On a more positive note, Finnish experience suggests that if researchers are persistent they may be able to persuade negotiators to provide more transparency that has been possible historically. However, this is more to do with heightened suspicion about publishers than open access. Either way, however, many will feel it is an insufficient reason to warrant pursuing OA Big Deals.
The Dutch approach
I argue that those negotiating OA Big Deals are shy about sharing the details of the agreements they are signing. In this regard it is worth considering the activities of one of the organisations that pioneered the OA Big Deal – VSNU. The association has been active in this space since 2015 and is keen to promote its self-styled Dutch Approach.
When it started VSNU vowed that it was going to take a hard line with legacy publishers, especially Elsevier. “We are willing to pay publishers for the work they do, but Elsevier’s profit margin is approaching 40 per cent, and universities have to do the [editing] work and pay for it”, asserted Professor Meijer, then chief negotiator for VSNU and Chairman of Radboud University Nijmegen. “We aren’t going to accept it any longer.”
As part of the sabre rattling, VSNU threatened publisher boycotts, and began to reject publishers’ offers. In 2017, for instance, it turned down the deal offered by Oxford University Press (OUP).
Nevertheless, it has gone on to agree a number of OA Big Deals, including in late 2015 one with Elsevier. This came after a year-long deadlock (and is currently up for renewal). Nevertheless, when researchers saw the details of the agreement they expressed some disappointment. And there has been rumbling discontent with the Dutch approach since, not least over its lack of transparency. Again, it took FoI requests to obtain more information and in 2016 this saw details of what Dutch universities pay to scholarly publishers become publicly available (Details here; see also here).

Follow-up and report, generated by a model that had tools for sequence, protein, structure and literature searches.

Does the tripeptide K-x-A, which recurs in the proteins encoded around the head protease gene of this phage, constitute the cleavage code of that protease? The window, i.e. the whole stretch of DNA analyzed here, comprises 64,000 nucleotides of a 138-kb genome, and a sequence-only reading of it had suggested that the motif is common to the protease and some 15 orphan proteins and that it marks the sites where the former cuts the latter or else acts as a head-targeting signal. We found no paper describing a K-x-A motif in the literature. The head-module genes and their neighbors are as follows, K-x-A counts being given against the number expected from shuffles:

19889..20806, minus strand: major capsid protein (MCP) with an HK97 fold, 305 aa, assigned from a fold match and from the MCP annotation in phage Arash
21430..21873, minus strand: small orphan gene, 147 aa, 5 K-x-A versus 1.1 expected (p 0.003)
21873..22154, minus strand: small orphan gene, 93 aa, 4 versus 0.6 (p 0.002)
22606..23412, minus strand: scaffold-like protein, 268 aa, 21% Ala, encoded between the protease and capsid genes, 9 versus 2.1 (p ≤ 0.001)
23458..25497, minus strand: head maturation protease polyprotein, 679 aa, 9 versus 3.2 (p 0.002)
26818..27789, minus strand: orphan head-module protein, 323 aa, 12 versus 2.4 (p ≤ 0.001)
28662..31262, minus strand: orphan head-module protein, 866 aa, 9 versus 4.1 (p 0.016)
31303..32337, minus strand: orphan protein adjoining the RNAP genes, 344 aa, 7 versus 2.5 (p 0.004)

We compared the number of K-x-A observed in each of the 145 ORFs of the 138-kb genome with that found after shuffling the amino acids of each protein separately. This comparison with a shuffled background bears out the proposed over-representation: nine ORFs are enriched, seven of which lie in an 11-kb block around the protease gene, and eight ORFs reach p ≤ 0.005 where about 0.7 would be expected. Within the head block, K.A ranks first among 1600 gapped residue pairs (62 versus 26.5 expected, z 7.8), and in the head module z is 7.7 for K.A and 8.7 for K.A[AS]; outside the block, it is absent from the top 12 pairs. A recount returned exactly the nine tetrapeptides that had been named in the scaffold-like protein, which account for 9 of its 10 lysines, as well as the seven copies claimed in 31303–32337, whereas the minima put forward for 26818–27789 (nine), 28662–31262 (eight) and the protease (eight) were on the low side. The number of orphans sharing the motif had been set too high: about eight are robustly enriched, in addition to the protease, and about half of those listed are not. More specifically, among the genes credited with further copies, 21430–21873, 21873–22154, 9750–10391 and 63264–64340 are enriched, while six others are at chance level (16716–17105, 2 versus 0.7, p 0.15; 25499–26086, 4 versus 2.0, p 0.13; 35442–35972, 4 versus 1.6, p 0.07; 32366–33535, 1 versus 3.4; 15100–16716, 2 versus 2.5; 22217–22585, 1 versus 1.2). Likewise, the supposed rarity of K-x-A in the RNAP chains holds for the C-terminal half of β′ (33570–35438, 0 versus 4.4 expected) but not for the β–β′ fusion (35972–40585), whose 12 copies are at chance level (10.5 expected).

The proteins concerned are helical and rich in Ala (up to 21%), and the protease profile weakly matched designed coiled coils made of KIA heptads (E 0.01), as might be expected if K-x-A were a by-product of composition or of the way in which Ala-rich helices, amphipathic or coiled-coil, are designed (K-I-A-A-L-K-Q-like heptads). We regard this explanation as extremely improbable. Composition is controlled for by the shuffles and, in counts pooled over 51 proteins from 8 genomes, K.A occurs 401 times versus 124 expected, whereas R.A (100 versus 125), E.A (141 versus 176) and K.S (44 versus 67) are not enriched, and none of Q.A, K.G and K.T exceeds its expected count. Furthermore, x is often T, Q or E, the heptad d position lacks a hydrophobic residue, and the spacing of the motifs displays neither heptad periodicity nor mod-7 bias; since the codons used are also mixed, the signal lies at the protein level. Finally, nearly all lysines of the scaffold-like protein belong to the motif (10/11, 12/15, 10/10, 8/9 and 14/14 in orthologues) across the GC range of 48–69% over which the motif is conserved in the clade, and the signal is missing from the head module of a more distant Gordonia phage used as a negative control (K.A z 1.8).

Currently, VSNU is engaged in a new series of negotiations. In doing so it again insists that it is taking a hard-line with publishers and indeed on 12th March it announced that it had failed to reach agreement with the Royal Society of Chemistry (RSC). Speaking to ScienceGuide Koen Becking, President of Tilburg University and board member of VSNU said, [Google translate] “We have shown that a ‘no deal’ is also possible. We stand behind our commitment: we only pay for output.”
On the same day (12th March) VSNU also reported that it had renewed its agreement with Springer Nature.
Both VSNU’s announcements consisted of little more than a brief statement with no meaningful detail. While subsequent news of a deal with OUP also included a couple of self-serving quotes, there was little else, and researchers were left scratching their heads. As one perplexed scientist commented on Google+, “The article does not mention the cost of the deal – how much Netherlands pays for the deal per year?”
If the research community doesn’t even know how much money is involved how can it hope to judge the value of any OA Big Deal. And even if we are convinced by VSNU’s robust statements about beating publishers into submission, we are not ourselves able to judge whether taxpayers’ money has really been spent effectively, let alone what exactly that money has bought.